The problem of test reusability across different test levels (e.g., MiL, SiL and HiL) is not new. This is well-acknowledged by industry, for which different interoperability standards have appeared. For instance, in the context of CPSs, the ASAM-XiL (ASAMRef, ASAMRef) standard is a well-known standard, which has been acquired by key CPS simulation vendors (including, but not limited to Mathworks, National Instruments and dSPACE). This permits reusing test cases at different test levels at design-time. However, it does not permit the reusability of test cases and test oracles at operation, something that our approach permits.

4 Case study

4.1 The system

Orona is a company dedicated to the elevator industry. Orona designs, manufactures, installs, and maintains elevators, escalators and moving ramps. A system of elevators aim at transporting passengers from a floor to another safely while trying to guarantee the maximum comfort as possible. A passenger arrives at a floor and calls for an elevator through a push button. This button can be either conventional (i.e., provides an up or down direction) or with destination control (i.e., provides the specific floor at which the passenger aims to travel). This information is sent to the traffic master, which is the case study of this paper. The traffic master receives this floor call, and, by considering different information (e.g., where each elevator is, which is the weight of each elevator), it provides an assignation to the call. In advanced buildings, this traffic master also encompasses information about access control, i.e., where each passenger can travel to. Figure 1 presents an overview of the elements of this CPS.

Fig. 1
figure 1

Overview of the architecture of the Elevators installation

4.2 Development and operation methodology

When the simulation of the traffic study is accomplished, the selection and configuration of the different scenarios is complex and time extensive. In addition, there is not any automatic feedback mechanisms to detect problems. As a consequence, when problems arise, the time and effort are significant. Validation and deployment of the system are also semi-manual. As for validation, information from the operation is not accessible, so it is not possible to reproduce real situations in the laboratory, and the decision of whether a test case has succeeded or not is manual. With regard to the deployment, the maintainer is responsible for configuring and updating new versions in the installation, which is also a manual process. In this paper, we present the mechanism to reduce the time needed and consequently, the effort of the simulation process. Furthermore, we will analyze the economic savings with the implementation of the new process (consequences of the problem analysis in Section 2).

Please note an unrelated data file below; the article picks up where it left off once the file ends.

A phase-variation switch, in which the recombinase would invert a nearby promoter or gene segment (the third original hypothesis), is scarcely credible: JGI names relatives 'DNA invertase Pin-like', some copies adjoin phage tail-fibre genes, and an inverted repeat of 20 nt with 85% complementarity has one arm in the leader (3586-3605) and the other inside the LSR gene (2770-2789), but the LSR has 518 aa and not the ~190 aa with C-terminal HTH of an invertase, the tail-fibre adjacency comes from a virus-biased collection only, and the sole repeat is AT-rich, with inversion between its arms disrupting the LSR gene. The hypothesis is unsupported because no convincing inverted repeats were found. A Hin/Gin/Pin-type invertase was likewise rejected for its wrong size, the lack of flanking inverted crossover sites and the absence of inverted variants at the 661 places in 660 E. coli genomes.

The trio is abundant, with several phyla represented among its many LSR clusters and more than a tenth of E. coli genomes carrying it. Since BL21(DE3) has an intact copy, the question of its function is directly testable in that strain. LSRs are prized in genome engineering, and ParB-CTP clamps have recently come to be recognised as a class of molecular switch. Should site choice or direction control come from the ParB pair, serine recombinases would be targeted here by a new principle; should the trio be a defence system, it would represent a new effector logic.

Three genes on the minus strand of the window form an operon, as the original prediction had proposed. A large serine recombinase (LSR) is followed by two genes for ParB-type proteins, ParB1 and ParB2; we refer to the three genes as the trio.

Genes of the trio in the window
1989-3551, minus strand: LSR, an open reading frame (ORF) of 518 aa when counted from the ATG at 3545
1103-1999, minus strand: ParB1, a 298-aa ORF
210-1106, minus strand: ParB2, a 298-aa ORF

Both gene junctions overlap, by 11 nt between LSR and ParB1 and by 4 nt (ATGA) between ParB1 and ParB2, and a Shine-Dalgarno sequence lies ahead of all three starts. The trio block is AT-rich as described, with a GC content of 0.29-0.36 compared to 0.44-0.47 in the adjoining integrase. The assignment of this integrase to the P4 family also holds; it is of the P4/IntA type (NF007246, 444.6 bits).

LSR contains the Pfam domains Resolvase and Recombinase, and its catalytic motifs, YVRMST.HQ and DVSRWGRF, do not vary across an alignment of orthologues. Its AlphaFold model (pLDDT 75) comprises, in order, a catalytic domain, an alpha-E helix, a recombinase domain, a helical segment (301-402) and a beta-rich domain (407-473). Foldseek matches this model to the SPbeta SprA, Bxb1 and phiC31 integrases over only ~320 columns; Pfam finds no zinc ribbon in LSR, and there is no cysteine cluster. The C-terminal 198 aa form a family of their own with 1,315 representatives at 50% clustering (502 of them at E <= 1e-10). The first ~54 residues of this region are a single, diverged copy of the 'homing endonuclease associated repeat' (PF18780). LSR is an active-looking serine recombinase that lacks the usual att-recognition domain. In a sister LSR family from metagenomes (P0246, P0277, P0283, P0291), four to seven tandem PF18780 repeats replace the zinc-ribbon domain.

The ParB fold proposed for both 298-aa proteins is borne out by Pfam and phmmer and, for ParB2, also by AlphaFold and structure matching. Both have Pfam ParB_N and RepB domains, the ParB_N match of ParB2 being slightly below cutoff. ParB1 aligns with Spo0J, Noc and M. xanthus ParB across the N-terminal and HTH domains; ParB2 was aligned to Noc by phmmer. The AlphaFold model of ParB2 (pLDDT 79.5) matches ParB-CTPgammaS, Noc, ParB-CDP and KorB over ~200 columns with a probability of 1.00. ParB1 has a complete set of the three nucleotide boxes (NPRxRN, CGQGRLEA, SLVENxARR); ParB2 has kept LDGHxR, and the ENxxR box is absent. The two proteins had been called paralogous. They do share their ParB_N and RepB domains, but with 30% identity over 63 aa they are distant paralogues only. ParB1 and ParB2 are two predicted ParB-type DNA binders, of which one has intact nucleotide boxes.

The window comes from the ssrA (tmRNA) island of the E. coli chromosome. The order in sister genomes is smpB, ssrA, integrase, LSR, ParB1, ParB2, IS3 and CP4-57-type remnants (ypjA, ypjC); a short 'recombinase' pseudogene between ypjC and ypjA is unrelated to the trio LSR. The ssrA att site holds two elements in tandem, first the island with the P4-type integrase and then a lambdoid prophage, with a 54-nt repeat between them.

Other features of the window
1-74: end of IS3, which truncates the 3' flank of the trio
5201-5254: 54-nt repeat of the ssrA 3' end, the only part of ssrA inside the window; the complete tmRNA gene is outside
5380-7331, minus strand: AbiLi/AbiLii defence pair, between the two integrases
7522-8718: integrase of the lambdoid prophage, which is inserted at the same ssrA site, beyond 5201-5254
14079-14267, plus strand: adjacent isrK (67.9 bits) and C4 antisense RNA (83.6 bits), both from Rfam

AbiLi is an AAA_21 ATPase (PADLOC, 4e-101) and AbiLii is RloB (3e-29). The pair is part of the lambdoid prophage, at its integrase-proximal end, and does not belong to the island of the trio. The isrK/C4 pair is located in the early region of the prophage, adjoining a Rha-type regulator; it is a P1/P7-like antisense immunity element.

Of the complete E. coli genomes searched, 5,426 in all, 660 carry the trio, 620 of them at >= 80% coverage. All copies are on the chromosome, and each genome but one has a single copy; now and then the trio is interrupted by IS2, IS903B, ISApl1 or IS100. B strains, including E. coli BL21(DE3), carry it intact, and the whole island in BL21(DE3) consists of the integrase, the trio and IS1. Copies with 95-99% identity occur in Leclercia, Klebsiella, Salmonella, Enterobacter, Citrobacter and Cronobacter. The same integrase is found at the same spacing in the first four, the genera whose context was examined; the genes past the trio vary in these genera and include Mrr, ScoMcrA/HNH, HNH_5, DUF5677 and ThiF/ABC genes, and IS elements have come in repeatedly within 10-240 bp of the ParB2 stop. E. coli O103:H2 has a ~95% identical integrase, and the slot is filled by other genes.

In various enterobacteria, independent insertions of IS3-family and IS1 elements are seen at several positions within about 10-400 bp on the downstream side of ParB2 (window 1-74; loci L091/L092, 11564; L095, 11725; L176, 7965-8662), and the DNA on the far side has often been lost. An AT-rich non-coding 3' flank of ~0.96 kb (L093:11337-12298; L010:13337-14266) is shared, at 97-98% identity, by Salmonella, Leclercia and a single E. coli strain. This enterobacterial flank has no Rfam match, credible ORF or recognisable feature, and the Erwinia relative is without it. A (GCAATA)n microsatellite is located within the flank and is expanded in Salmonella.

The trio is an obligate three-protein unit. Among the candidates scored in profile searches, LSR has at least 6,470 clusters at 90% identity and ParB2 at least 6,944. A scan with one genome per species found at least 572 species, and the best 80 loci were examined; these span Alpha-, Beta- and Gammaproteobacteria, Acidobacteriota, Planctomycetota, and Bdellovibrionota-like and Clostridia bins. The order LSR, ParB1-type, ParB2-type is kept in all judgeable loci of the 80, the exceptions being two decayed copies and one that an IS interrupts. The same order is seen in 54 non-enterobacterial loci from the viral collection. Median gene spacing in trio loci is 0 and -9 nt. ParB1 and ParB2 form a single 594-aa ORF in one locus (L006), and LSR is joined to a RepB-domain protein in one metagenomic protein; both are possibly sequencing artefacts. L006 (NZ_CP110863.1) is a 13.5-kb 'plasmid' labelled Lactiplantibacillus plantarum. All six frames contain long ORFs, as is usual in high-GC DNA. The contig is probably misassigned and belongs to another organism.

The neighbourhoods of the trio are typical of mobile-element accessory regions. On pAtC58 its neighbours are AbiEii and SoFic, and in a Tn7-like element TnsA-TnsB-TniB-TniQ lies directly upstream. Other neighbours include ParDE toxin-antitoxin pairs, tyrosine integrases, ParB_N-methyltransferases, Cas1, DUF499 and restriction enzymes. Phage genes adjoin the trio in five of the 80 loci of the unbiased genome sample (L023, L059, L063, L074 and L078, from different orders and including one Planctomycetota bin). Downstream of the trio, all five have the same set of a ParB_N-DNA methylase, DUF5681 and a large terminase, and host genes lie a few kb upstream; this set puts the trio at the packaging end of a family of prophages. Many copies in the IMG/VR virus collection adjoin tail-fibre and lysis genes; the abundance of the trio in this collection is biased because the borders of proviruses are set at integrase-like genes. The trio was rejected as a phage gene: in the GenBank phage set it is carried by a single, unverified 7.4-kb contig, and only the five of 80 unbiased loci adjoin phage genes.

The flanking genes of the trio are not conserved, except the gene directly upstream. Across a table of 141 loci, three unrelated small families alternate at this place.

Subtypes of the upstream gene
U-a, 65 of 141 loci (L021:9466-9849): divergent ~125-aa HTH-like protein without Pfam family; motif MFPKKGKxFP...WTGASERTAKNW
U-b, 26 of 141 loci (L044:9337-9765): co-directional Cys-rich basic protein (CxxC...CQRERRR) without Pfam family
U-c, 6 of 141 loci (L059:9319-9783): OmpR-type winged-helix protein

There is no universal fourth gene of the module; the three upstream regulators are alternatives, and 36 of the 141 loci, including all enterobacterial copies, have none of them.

The traffic master is constantly evolving for different reasons (e.g., add new functionalities, deal with hardware obsolescence, bug corrections). As a result, Orona, through the Adeptness (H2020) project, is aiming to establish a DevOps pipeline that aims to automate the continuous delivery of new software versions (i.e., when a change in the code is completed and committed, the automated test at different levels, automated deployment, run-time monitoring and recovery in case the new version fails in operation). Because of this, our multi-level testing framework had to be integrated with their DevOps methodology, which is based on microservices. Figure 2 presents an overview of the proposed architecture. The architecture includes microservices at two computational levels: (1) the cloud and (2) the fog, i.e., a local network close to the lift. The architecture can be divided into four main subsystems: (1) the automation server, (2) the deployment subsystem, (3) the monitoring subsystem and (4) the validation subsystem (Arrieta et al., 2022). This paper targets the validation subsystem of the DevOps ecosystem. Sections 6, 7 and 8 describe the validation orchestrator, validation agent and the external tool of the architecture.

Fig. 2
figure 2